Methodological considerations in the diagnosis of coexisting psychiatric disorders in substance abusers. British Journal of the Addictions, 78, 179-187

Alcohol and Drug Abuse Program, McLean Hospital, Belmont, MA 02178.
British journal of addiction 03/1992; 87(2):179-87. DOI: 10.1111/j.1360-0443.1992.tb02691.x
Source: PubMed


The authors reviewed the diagnostic methodology in 14 studies that examined the prevalence of coexisting psychiatric disorders in substance abusers. There was widespread variation among the studies in the timing of patient interviews, the nature of the interviews themselves, and abstinence criteria required before another psychiatric disorder could be diagnosed. These differences were reflected in some of the study results. The authors describe how variations in methodology can affect the diagnoses patients receive. They also suggest more specific abstinence criteria, based on the substances of abuse and the specific disorders being diagnosed.

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Available from: Steven Mirin, Apr 01, 2015
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    • "In some studies, diagnoses are based only on screening instruments; in others, the diagnostic interviews used have not been validated for both SUDs and mental disorders. Diagnoses drawn from different diagnostic interviews give different results, to varying extents [33-35], and even the same diagnostic interview, used in different groups, can poorly differentiate psychiatric symptoms from symptoms of intoxication or withdrawal [36]. Structured instruments have been shown to increase the diagnostic validity of SUD diagnoses compared with clinical judgments, but psychiatric comorbid diagnoses show poor validity, regardless of the method used [37,38]. "
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    ABSTRACT: The optimal treatment of patients with substance use disorders (SUDs) requires an awareness of their comorbid mental disorders and vice versa. The prevalence of comorbidity in first-time-admitted SUD patients has been insufficiently studied. Diagnosing comorbidity in substance users is complicated by symptom overlap, symptom fluctuations, and the limitations of the assessment methods. The aim of this study was to diagnose all mental disorders in substance users living in a single catchment area, without any history of treatment for addiction or psychiatric disorders, admitted consecutively to the specialist health services. The prevalence of substance-induced versus substance-independent disorders according to the Diagnostic and Statistical Manual of Mental Disorders, Fourth Edition (DSM-IV), in SUD patients will be described. First-time consecutively admitted patients from a single catchment area, aged 16 years or older, admitted to addiction clinics or departments of psychiatry as outpatients or inpatients will be screened for substance-related problems using the Alcohol Use Disorder Identification Test and the Drug Use Disorder Identification Test. All patients with scores above the cutoff value will be asked to participate in the study. The patients included will be diagnosed for SUD and other axis I disorders by a psychiatrist using the Psychiatric Research Interview for Substance and Mental Disorders. This interview was designed for the diagnosis of primary and substance-induced disorders in substance users. Personality disorders will be assessed according to the Structured Clinical Interview for DSM-IV axis II disorders. The Symptom Checklist-90-Revised, the Inventory of Depressive Symptoms, the Montgomery Asberg Depression Rating Scale, the Young Mania Rating Scale, and the Angst Hypomania Check List will be used for additional diagnostic assessments. The sociodemographic data will be recorded with the Stanley Foundation's Network Entry Questionnaire. Biochemical assessments will reveal somatic diseases that may contribute to the patient's symptoms. This study is unique because the material represents a complete sample of first-time-admitted treatment seekers with SUD from a single catchment area. Earlier studies have not focused on first-time-admitted patients, so chronically ill patients, may have been overrepresented in those samples. This study will contribute new knowledge about mental disorders in first-time-admitted SUD patients.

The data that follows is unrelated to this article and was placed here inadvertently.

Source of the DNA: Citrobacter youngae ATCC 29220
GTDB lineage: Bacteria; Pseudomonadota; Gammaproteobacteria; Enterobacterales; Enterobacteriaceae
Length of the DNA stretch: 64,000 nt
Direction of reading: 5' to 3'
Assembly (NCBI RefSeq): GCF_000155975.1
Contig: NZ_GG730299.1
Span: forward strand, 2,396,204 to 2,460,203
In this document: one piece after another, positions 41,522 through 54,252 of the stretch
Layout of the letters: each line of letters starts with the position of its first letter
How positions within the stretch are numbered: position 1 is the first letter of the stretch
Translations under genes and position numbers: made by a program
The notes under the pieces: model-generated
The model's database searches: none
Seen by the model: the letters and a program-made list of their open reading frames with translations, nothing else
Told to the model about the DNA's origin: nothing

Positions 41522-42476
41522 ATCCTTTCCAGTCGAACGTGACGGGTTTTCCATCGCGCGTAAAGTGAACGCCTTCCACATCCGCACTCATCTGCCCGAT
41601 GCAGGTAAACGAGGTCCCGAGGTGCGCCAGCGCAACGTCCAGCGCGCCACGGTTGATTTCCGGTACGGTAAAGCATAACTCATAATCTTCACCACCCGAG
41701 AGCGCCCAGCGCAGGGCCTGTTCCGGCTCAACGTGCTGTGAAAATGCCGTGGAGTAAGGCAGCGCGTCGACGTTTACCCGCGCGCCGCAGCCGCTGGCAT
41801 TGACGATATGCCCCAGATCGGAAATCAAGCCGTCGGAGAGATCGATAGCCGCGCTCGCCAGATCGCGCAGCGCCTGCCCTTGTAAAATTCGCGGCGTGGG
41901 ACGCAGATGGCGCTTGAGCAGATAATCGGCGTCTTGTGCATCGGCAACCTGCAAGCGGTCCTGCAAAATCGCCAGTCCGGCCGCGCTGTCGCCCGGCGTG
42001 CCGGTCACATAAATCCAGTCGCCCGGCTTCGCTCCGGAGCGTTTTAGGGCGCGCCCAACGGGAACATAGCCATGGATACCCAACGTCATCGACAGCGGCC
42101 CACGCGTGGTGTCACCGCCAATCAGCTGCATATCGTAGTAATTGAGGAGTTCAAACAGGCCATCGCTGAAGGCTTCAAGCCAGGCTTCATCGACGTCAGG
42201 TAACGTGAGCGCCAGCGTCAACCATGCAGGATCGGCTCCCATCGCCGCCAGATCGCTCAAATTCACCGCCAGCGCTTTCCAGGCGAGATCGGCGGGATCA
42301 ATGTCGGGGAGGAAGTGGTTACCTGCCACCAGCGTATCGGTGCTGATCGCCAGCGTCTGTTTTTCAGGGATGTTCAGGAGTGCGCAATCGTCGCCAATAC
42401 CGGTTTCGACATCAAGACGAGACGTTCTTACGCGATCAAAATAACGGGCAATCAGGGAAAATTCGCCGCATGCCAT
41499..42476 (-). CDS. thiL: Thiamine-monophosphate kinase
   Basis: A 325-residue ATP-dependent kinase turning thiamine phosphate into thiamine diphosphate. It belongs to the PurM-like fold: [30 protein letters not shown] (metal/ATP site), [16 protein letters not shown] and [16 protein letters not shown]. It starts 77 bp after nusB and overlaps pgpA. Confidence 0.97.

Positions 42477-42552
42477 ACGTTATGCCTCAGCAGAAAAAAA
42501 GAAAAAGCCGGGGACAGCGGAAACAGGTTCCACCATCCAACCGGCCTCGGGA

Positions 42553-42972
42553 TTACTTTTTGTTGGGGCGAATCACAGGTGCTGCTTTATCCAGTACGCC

Full-text · Article · Feb 2011 · BMC Psychiatry